Eat well

Eat Well

Exercise Well

Exercise Well

Manage Well

Socialise Well

Socialise Well

Think Well

Think Well

Exercise Well


There are many things we can do to manage low mood and keep ourselves in good spirits. 

Exercise releases natural chemicals that improve your mood and act as natural painkillers.

Being active also has other benefits: Taking part in physical activities is a great way to meet people. And it can be a chance to give yourself a well-deserved break from a busy lifestyle– to find some quiet time.

Leading an active life can help improve your self-esteem and your confidence.

Having a physically active lifestyle can help to raise your self-worth and improve your confidence. Exercise and physical activity can improve your social life and  provide  you with a goal to aim for; which can provide you with a sense of purpose. Some of the benefits of being physically active are:

  • Can reduce stress and mental fatigue
  • Improve your appetite
  • It’s enjoyable
  • Meeting people
  • Natural pain killers are released
  • A natural energy boost
  • Improved sleep
  • A sense of achievement
  • Can provide motivation and focus
  • Less anger or frustration

How often do i need to exercise?

An adult should aim for 150 minutes (2 hours 30 minutes) of  moderate-intensity aerobic activity such as cycling or fast walking every week, and

muscle-strengthening activities on 2 or more days a week that work all major muscle groups (legs, hips, back, abdomen, chest, shoulders and arms).


75 minutes (1 hour and 15 minutes) of vigorous-intensity aerobic activity such as running or a game of singles tennis every week, and

muscle-strengthening activities on 2 or more days a week that work all major muscle groups (legs, hips, back, abdomen, chest, shoulders and arms).


An equivalent mix of moderate- and vigorous-intensity aerobic activity every week (for example 2 30-minute runs plus 30 minutes of fast walking), and

muscle-strengthening activities on 2 or more days a week that work all major muscle groups (legs, hips, back, abdomen, chest, shoulders and arms).

If you haven’t done any physical exercise for a while, introduce it slowly and learn how to warm-up gently beforehand as this can prevent injury.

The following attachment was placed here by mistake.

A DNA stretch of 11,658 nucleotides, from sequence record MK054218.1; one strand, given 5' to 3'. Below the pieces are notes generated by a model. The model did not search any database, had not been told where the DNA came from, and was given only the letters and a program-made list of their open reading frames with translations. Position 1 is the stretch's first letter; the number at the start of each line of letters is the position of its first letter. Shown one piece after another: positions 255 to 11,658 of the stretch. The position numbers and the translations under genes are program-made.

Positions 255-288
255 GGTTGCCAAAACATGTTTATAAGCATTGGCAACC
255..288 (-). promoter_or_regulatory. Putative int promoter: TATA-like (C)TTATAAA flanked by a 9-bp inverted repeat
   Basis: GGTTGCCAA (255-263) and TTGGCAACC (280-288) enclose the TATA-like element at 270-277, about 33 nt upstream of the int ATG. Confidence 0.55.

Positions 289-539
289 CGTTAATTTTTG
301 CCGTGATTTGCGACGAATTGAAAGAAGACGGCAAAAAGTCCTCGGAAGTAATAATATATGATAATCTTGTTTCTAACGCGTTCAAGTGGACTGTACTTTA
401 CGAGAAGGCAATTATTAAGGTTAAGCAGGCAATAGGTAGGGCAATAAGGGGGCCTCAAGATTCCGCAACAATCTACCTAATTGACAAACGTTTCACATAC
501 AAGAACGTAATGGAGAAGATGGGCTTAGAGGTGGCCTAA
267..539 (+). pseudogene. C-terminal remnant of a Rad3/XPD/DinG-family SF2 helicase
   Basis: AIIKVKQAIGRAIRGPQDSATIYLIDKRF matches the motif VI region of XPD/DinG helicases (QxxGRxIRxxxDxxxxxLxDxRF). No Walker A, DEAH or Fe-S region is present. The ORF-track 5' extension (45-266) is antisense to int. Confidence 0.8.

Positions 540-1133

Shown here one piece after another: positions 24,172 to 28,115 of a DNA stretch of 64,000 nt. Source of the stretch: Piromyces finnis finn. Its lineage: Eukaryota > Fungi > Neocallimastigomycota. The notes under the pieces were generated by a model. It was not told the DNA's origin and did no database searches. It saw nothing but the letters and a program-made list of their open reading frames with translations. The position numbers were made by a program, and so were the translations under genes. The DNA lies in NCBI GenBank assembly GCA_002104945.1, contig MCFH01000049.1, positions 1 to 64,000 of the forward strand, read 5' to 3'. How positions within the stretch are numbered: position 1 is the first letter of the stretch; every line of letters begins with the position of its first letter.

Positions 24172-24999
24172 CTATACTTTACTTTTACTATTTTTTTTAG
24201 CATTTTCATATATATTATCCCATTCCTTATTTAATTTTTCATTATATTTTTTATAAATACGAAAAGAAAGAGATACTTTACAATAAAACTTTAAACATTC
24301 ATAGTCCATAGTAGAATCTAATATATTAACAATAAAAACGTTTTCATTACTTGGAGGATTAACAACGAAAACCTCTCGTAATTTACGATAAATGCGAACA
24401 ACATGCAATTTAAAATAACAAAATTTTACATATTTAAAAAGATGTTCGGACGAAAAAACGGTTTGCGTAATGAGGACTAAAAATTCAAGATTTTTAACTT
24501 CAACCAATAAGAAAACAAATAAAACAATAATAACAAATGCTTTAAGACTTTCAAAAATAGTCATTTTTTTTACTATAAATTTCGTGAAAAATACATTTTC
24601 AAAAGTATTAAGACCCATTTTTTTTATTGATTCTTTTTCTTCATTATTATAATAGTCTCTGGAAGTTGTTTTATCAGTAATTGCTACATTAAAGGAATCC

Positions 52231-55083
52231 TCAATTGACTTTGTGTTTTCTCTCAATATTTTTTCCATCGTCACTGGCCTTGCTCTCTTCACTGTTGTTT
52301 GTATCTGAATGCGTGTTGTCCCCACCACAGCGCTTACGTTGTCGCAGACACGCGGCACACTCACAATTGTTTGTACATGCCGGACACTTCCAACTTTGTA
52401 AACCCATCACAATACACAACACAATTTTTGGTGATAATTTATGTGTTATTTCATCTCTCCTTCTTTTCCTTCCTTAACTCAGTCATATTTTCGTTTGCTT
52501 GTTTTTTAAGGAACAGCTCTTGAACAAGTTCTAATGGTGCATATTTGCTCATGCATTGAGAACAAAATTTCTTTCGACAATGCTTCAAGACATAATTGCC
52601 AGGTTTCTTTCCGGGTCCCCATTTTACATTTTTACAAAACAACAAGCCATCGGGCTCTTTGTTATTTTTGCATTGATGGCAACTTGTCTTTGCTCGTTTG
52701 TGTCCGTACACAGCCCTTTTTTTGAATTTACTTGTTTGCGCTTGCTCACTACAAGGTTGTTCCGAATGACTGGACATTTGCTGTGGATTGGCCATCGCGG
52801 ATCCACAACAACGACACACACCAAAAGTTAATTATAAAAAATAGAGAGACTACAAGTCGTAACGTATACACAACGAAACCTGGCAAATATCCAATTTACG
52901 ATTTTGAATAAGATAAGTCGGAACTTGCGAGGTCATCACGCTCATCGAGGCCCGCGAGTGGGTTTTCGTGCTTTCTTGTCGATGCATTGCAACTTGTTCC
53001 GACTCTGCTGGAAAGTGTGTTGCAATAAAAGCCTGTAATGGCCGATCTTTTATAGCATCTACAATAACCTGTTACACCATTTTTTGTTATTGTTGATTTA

(Taken from NHS Choices 2014)

Making a start

It can feel overwhelming when you are starting to making changes to your life. Some people can feel anxious about trying something new but don’t let that put you off!! Accept that you may not feel as fit as you did, the last time you exercised and build your activity up slowly by setting realistic targets.

You must always check with your GP that are physically fit enough to begin a new physically active lifestyle, especially if you have an existing health condition that be be worsened by the sudden introduction of activity. It doesn’t have to begin with expensive gym membership either, you can build more activity within your daily routine.

At home

  • Walk the kids or grandchildren to school, then jog all the way home or part of the way.
  • Get gardening, with extra vigour.
  • Get an exercise DVD – and use it!
  • Be energetic with the housework.
  • Put on some music for a ten minute dance. You could even hold tins of beans instead of buying hand weights

At work

  • Use the stairs where you can.
  • Don’t ring a colleague, go and see them.
  • Use your lunch hour effectively – take a brisk walk, do an exercise class.
  • Walk or cycle a slightly longer route home.
  • Go to the gym on your way home or way into work.

Out and about

  • Don’t drive if it is a short journey.
  • Get off the bus a stop earlier, or get on a stop later.
  • Join in with your children’s/grandchildren’s games – be part of the football team.
  • Jog and walk the dog – jog ten paces, then walk ten.
  • Join an exercise class at your community centre – and meet new people.

Bridgewater Community Healthcare NHS Foundation Trust

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